FRANK HU AND Kentucky Fried Chicken arrived in Beijing around the same time. Hu, a recent graduate of Tongji Medical University, in Wuhan, had never seen a restaurant like it. Three-floored, gleaming, and distinctly Western in atmosphere, KFC proved irresistible to a country unfamiliar with the greasy efficiency of American fast food. On a frigid day in November 1987, thousands waited two hours in line to be among the first Chinese citizens to try the Colonel’s crispy drumsticks and gravy-doused mashed potatoes.

A few decades later, China’s first KFC remains open, a few blocks from Tiananmen Square. At first it stood alone. By 2007, KFCs were popping up around the country at a rate of one per day. Now there are nearly 6,000 KFCs, 3,000 McDonalds, and thousands more Pizza Huts, Burger Kings, and Dunkin’ Donuts.

In 1980, seven years before that first KFC, the prevalence of Type 2 (adult onset) diabetes in China was less than 1 percent of the population. In 2001, that had risen to 5.5 percent. Now, with an estimated 116 million diabetics in the country, the number is 12 percent—and still rising.

HU, NOW STARE PROFESSOR of nutrition and epidemiology at the Harvard T.H. Chan School of Public Health, moves along the salad bar in HSPH’s Kresge Cafeteria, serving himself a bountiful vegetable medley: arugula, cherry tomatoes, carrots, chickpeas, radishes, Brussels sprouts, a splash of balsamic vinaigrette. Some days, he includes a piece of salmon or chicken. Today, he adds half a hard-boiled egg and some crunchy noodles, for texture. He almost never brings lunch from home; with a cafeteria like this, he doesn’t need to.

Eating unhealthily in the Kresge Cafeteria is almost difficult. Hu works with staff to keep it that way. Above the lengthy salad bar spreads a huge depiction of the “Healthy Eating Plate,” which HSPH and Harvard Medical School (HMS) developed in response to MyPlate, an illustration of Dietary Guidelines for Americans issued by the U.S. departments of agriculture (USDA) and health and human services (HHS) and updated every five years. HSPH thought it could do a better job at following the science. “The Healthy Eating Plate is based exclusively on the best available evidence and was not subjected to political or commercial pressures from food-industry lobbyists,” the school’s Nutrition Source website notes—a jab at the government recommendations. If guests miss the several-foot-long poster—or don’t want to strain their necks while scooping leafy greens—they will notice, behind the bowls of food, six smaller images of the Healthy Eating Plate.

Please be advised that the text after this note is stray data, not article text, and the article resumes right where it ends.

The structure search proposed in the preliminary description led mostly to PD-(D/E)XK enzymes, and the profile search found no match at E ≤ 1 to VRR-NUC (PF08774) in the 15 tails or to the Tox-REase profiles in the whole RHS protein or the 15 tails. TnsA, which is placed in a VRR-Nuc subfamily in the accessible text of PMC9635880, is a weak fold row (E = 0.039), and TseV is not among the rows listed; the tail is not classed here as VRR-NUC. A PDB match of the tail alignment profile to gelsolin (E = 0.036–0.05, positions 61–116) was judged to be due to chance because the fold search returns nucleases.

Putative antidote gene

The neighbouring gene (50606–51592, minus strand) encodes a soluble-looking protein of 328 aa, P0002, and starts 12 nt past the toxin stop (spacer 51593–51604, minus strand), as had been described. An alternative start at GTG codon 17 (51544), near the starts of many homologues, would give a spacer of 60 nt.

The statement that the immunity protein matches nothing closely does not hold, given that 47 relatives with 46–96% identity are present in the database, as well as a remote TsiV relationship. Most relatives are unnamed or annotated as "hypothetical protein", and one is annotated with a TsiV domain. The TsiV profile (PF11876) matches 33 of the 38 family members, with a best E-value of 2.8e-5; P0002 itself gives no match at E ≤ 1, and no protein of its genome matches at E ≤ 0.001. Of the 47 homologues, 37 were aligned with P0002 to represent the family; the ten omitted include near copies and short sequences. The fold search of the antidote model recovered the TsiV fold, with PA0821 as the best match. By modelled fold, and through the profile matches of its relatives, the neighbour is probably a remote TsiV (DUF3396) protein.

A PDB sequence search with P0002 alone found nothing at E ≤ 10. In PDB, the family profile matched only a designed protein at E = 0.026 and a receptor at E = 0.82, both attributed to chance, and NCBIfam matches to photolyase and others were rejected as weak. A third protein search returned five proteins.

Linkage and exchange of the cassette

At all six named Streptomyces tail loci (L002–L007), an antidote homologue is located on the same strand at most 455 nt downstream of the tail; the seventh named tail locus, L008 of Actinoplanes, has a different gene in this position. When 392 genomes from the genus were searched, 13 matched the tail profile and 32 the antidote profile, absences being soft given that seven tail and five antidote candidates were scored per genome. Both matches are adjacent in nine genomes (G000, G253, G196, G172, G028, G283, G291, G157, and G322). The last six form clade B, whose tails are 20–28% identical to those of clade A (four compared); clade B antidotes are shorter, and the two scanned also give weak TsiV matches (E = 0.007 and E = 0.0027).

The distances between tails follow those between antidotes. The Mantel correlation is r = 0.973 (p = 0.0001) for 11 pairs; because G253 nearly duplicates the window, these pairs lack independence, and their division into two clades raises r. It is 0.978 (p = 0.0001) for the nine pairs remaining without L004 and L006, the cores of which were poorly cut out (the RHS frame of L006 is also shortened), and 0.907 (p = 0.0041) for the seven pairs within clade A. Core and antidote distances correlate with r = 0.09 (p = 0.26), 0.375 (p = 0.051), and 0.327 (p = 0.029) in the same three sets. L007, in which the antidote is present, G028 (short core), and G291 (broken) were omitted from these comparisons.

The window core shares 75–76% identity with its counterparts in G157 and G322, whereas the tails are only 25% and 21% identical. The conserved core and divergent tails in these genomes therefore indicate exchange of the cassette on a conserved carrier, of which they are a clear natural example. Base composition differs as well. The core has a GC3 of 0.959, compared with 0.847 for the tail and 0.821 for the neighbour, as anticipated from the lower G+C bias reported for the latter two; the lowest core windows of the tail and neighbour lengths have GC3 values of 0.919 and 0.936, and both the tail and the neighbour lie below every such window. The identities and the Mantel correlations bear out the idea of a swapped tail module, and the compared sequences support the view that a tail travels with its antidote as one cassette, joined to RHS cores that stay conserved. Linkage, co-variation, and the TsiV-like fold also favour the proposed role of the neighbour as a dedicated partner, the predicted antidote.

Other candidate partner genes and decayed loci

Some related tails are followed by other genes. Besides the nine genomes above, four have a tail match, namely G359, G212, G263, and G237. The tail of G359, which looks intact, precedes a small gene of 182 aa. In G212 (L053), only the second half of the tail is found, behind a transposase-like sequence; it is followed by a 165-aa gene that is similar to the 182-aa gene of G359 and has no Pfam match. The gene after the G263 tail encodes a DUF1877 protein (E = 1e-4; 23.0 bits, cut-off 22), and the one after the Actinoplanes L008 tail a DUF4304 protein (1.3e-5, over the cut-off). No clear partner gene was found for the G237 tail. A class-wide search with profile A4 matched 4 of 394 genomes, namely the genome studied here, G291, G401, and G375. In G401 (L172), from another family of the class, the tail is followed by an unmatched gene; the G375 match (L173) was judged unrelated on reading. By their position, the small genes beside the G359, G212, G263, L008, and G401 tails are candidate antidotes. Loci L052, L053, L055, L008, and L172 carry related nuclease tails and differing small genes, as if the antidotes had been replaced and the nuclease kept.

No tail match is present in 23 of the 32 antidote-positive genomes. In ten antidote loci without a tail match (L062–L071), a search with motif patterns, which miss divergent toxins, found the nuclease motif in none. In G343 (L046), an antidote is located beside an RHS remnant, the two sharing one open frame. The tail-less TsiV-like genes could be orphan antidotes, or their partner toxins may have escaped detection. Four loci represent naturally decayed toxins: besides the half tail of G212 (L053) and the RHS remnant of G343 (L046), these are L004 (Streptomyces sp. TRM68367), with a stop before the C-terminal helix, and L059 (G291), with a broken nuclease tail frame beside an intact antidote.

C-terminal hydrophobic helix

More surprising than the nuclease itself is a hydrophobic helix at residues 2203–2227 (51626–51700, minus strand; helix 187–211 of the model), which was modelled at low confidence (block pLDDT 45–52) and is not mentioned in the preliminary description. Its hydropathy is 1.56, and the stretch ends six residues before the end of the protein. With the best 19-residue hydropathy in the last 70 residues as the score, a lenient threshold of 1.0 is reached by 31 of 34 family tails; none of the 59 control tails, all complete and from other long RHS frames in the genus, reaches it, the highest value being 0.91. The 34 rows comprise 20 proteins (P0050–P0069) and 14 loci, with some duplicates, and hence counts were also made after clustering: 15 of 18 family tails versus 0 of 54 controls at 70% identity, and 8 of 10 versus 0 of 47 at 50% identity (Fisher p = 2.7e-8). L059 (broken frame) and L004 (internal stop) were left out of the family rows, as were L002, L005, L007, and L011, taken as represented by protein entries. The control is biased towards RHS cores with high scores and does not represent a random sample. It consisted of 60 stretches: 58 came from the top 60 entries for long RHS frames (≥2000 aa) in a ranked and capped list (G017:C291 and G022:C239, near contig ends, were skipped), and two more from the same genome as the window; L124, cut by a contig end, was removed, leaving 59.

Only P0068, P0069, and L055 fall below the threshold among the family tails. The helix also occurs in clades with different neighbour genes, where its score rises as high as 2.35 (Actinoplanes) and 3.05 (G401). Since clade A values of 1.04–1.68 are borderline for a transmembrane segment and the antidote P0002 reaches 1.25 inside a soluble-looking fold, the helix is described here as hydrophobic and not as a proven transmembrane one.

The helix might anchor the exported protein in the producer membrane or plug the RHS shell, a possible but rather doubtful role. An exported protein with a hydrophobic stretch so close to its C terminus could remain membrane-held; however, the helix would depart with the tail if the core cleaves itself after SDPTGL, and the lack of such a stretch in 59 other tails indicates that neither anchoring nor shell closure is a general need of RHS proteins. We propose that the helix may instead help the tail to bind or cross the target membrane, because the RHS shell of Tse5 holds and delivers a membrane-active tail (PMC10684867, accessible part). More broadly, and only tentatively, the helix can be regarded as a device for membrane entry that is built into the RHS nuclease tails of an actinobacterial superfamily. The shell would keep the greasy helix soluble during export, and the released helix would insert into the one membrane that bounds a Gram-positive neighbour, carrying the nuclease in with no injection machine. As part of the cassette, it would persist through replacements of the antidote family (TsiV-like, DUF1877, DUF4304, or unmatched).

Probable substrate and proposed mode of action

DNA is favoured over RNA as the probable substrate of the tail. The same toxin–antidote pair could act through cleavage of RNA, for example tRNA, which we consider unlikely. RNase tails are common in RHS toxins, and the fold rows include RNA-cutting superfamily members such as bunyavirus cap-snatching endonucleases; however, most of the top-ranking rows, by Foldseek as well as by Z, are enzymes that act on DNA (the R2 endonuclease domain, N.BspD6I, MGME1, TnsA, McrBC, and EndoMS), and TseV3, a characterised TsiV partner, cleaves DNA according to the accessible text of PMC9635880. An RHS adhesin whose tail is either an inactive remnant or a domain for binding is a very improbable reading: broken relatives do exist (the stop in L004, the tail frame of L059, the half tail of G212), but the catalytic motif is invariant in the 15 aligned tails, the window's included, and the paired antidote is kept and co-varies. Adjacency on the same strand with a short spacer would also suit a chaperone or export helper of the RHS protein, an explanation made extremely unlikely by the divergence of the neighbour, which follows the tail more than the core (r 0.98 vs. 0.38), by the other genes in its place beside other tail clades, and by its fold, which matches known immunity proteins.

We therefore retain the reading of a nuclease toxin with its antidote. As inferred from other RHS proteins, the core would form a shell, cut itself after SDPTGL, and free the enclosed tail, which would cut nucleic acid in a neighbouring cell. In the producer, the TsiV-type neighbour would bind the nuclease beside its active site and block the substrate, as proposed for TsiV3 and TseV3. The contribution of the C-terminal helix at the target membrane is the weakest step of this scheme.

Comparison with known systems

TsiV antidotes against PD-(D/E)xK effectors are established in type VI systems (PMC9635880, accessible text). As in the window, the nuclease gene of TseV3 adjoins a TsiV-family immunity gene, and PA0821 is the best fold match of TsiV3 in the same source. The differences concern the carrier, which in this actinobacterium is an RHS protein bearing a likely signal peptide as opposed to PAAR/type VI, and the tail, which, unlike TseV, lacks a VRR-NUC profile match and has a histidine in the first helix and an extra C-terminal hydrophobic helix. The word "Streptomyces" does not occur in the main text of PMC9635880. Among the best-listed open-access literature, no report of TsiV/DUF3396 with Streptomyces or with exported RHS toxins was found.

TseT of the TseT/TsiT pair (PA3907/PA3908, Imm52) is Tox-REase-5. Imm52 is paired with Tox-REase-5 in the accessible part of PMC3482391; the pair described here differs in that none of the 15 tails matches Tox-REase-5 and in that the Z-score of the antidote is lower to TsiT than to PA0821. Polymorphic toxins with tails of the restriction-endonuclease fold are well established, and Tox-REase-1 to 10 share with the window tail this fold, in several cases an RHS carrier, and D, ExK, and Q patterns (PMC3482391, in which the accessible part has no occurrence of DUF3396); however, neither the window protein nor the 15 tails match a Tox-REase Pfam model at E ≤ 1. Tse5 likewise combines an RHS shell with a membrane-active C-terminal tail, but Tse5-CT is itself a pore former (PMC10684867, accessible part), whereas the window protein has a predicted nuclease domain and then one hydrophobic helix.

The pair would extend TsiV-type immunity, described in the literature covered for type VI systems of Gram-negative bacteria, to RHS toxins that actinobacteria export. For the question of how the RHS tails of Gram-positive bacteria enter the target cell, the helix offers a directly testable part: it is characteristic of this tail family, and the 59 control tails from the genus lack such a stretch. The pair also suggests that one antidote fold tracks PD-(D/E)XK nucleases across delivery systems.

At the beginning of the line, beside the utensils, cardstock handouts offer more in-depth advice about vegetables and fruits, cholesterol and fats, calcium and milk, and fiber. “Limit milk and dairy foods to no more than one to two servings per day,” says one card. “More won’t necessarily do your bones any good—and less is fine, as long as you get enough calcium from other sources.” On MyPlate, a glass of milk sits next to the meal. The Healthy Eating Plate recommends water, coffee, or tea, suggestions that would likely displease the dairy-industry groups—including the National Dairy Council, International Dairy Foods Association, and National Milk Producers Federation—that gave presentations before the USDA’s 2015 Dietary Guidelines Advisory Committee (DGAC), on which Hu served.

Hu shows off the cafeteria like a proud father displaying his child’s trophies. “The salad bar is the most popular among the students and faculty,” he notes, with understated satisfaction. “We have people coming from the hospitals to our cafeteria just to get a healthier lunch.” If he’s busy, and the salad line is particularly long, he’ll skip to the “Heart of the Plate” section, which offers five healthy, pre-made dishes. Today he scoops the lentil, sorghum, and chick-pea pilaf into his container, already filled with salad. The pizza section is not quite as healthy. “Sometimes we have whole-grain pizza and mostly vegetable pizza,” he says, smiling. “But we also have some unhealthy pizza.”

Hu is the third chair in the HSPH nutrition department’s 78-year history. As a nutritional epidemiologist, he studies the relationship between diet and health. Though he’s arguably the world’s leading expert on diet’s connection to chronic diseases, including diabetes and cardiovascular disease, his research interests range widely. In more than two decades at Harvard, he’s written or co-written more than 1,000 peer-reviewed papers, almost all of them group efforts.

Read the rest of the article at Harvard Magazine